It's yet still more of a long winding story as to how I got caught up in fundamentalism for a time, but here goes. My husband had been raised in a Southern Baptist church and rebelled against it as a teen. I think that the more fundamentalist the church, the stronger one's rebellion is and the more antagonistic one becomes. My husband was anti-religion, anti-christian, anti-church, you name it. His parents were church-goers and his mother was very devout, however. My views of religion at that time were (1) it was irrelevant and (2) I didn't like the people -- I had always tried to follow xian precepts such as the golden rule and to be kind, and I noticed that most of the people who went to church didn't do that. My husband was a fan of Bertrand Russell and thought of religion as an abomination. At the time I thought that if someone wanted to believe, well fine, that's their right. I still think that, but I get really angry when someone tries to shove their religion down my throat, either personally or politically.
Anyway, before I got married, I had thought my husband would be fun to live with. I believed that we had a lot in common. But after the wedding he changed a lot. He was critical of virtually everything I did, always claiming I was the one at fault. Part of it was that since he was 31 and I was 20, it was hard to argue with him. Another part was that he had a congenital, chronic, debillitating condition, and after a while I realized that if I caused him stress his condition would kick up and he would become very seriously ill. At other times he could fall on the floor and nothing would happen to him. Well, one day we're riding along with our two-year old son in the car and the thought came to me, how happy I was to be free of religion, heaven, hell, the whole nonsense. So I expressed that thought. And my husband starts getting on my case, saying don't be so negative! This after listening to him rant for hours on end about how horrible religion was. I learned right then to keep my thoughts to myself. Who could understand this guy? I guess he could insult the faith of his parents, but I could not.
I left my husband after 5 years of marriage, in a state of such depression that I was afraid I'd harm my little boy if I stayed. My husband begged me to let him keep our son. Actually he said, if you take him I'll die. I had no financial resources, either my own or from my parents. Nobody would rent a place to a single mother with a child. There were so many reasons I left without my son, but it doesn't matter. I regret it to this day. Two years later my husband died. Within a week his parents told me I was in no position to take care of my son, and they wanted to adopt him. I agreed. My father told me they would hound me until I gave my son up, and they certainly had the money to do it.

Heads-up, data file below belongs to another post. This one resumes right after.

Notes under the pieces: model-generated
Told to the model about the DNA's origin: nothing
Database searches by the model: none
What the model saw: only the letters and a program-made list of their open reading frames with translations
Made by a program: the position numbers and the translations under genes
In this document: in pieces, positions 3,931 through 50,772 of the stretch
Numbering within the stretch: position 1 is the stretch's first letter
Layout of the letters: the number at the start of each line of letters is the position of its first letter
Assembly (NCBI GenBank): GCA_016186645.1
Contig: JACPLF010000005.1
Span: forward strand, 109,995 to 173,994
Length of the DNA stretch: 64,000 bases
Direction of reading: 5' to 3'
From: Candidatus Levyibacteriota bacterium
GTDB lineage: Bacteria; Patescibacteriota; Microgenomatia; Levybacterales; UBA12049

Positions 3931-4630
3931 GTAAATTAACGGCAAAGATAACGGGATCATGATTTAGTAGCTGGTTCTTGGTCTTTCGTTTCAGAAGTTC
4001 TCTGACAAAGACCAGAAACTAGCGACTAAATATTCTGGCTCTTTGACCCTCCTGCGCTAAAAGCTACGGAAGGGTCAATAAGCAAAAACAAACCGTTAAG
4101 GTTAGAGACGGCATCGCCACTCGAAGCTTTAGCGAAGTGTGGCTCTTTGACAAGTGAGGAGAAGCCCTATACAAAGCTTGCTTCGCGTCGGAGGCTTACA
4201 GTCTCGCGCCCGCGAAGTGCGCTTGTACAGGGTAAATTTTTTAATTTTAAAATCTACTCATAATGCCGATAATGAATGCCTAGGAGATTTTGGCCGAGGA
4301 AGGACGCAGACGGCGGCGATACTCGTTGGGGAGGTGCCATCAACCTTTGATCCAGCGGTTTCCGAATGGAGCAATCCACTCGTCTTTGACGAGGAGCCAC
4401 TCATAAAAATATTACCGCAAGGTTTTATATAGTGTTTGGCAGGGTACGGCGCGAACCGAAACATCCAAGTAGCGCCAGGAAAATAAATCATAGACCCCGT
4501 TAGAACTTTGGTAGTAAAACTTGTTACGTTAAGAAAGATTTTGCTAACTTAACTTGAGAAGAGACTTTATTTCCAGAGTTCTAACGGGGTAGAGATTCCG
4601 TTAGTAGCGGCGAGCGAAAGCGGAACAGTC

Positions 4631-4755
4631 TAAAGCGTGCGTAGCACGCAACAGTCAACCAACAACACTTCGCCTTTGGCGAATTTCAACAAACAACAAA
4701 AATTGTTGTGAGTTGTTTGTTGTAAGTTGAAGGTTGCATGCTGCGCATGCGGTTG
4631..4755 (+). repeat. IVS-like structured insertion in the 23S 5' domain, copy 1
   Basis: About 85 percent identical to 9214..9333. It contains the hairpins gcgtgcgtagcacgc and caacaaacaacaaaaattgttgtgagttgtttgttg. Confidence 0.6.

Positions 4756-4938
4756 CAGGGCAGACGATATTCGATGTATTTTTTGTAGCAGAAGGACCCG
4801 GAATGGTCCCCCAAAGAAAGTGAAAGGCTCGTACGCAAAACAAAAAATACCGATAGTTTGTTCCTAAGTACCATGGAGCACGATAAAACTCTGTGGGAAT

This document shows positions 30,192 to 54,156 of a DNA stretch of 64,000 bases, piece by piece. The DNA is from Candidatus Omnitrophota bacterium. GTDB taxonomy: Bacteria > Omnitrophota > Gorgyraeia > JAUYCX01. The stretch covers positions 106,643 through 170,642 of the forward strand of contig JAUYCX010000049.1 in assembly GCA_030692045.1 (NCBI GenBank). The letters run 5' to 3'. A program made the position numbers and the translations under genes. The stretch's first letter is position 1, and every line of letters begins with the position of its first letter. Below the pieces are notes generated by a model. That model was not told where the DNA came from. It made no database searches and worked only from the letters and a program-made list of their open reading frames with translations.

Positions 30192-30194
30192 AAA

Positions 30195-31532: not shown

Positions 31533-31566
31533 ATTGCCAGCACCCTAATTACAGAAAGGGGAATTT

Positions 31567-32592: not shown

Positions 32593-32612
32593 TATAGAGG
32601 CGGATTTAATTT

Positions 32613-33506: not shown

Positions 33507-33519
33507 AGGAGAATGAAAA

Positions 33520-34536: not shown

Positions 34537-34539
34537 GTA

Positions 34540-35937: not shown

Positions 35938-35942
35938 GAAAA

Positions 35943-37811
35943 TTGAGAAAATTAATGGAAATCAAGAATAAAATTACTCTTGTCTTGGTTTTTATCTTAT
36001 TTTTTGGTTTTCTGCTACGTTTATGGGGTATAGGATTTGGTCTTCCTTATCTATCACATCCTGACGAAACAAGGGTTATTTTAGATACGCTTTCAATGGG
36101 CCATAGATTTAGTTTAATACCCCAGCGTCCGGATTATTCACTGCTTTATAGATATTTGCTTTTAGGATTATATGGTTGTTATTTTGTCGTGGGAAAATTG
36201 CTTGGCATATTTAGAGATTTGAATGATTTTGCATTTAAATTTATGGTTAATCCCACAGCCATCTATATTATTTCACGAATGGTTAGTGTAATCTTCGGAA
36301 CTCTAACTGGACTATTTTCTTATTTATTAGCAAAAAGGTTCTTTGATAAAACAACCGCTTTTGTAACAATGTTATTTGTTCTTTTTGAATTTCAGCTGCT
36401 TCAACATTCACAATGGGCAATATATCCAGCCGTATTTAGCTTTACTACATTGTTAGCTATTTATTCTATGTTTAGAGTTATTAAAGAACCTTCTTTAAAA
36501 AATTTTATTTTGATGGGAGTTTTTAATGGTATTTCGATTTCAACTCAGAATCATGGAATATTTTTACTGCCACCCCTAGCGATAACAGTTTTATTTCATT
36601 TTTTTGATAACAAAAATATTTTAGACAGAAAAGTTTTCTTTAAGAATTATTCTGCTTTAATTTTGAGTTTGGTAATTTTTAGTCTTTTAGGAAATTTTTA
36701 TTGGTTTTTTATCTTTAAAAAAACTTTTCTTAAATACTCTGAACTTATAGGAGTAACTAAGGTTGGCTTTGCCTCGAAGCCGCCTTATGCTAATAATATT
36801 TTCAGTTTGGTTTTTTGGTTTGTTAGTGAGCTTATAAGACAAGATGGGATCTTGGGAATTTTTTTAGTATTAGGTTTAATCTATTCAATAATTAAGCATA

While my husband was sick, but before he died, I went to a campus religious group meeting. It turned out to be my first encounter ever with fundamentalists, or Pentecostals. I had heard of them, of course, but otherwise knew nothing about them. The atmosphere of the meeting was so emotionally charged that I broke down and cried for the first time in a very long time. From then on I was hooked. I started going to services at the campus Episcopalian cathedral. After a couple of times I got completely turned off by the "we are undeserving scum" litany and looked around for someplace else to go. My new fundie friends suggested a Protestant church in town, I forget which flavor. I have to say, one of the woman from that church helped me a lot while my husband was dying. She went to the "viewing" with me, went to the funeral, and listened to my story. She was continually non-judgmental and kind, and she didn't proselytize.
After my husband died, I kept on going to church. I saw the minister a few times, and he advised me never to see my son again. (I'm glad I ignored his advice. It was difficult to see my son at his grandparents' house, and our relationship has been through some tough times, and he has been through some tough times, but now my son and I are great friends.) Anyway, as the emotional wounds began to heal a little, I started to think more clearly about what I was hearing at church. I remember distinctly one Sunday hearing the stuff about Jesus dying for us and the resurrection and thinking, oh wow, I cannot bring myself to believe this. The defining moment came when I started reading C.S. Lewis. In one of his books, he presented two arguments, pro and con, for the existence of God. After reading them, I realized I found the "con" argument much more convincing!
I stopped going to church. Later in my life, twice in a 5 year period, I would happen to attend a service and get sucked in by what seemed to be the kindness of it all. But intellectually I realized I could never buy it, and I'd stop going. I also discovered that if I followed xian precepts in this world, I got kicked around like a soccer ball.
My current husband's parents are devout Catholics and my sister-in-law is a devout Lutheran of the in-your-face variety. Once she told my husband and me that we were not fit to be her newborn's godparents, because we were not religious and because we had lived together before getting married. The presence of her in our lives has again caused the religious guilt, that I realize has been part of me all my life, to come to the fore. I have lately come to realize that it's all voodoo and that I need to shed the remains of the brainwashing of my youth, even though it was "only Protestant Lite." The more I shed it, the more content and less conflicted I am. I am finding it easier to shed now that I have found a community of non-believers here.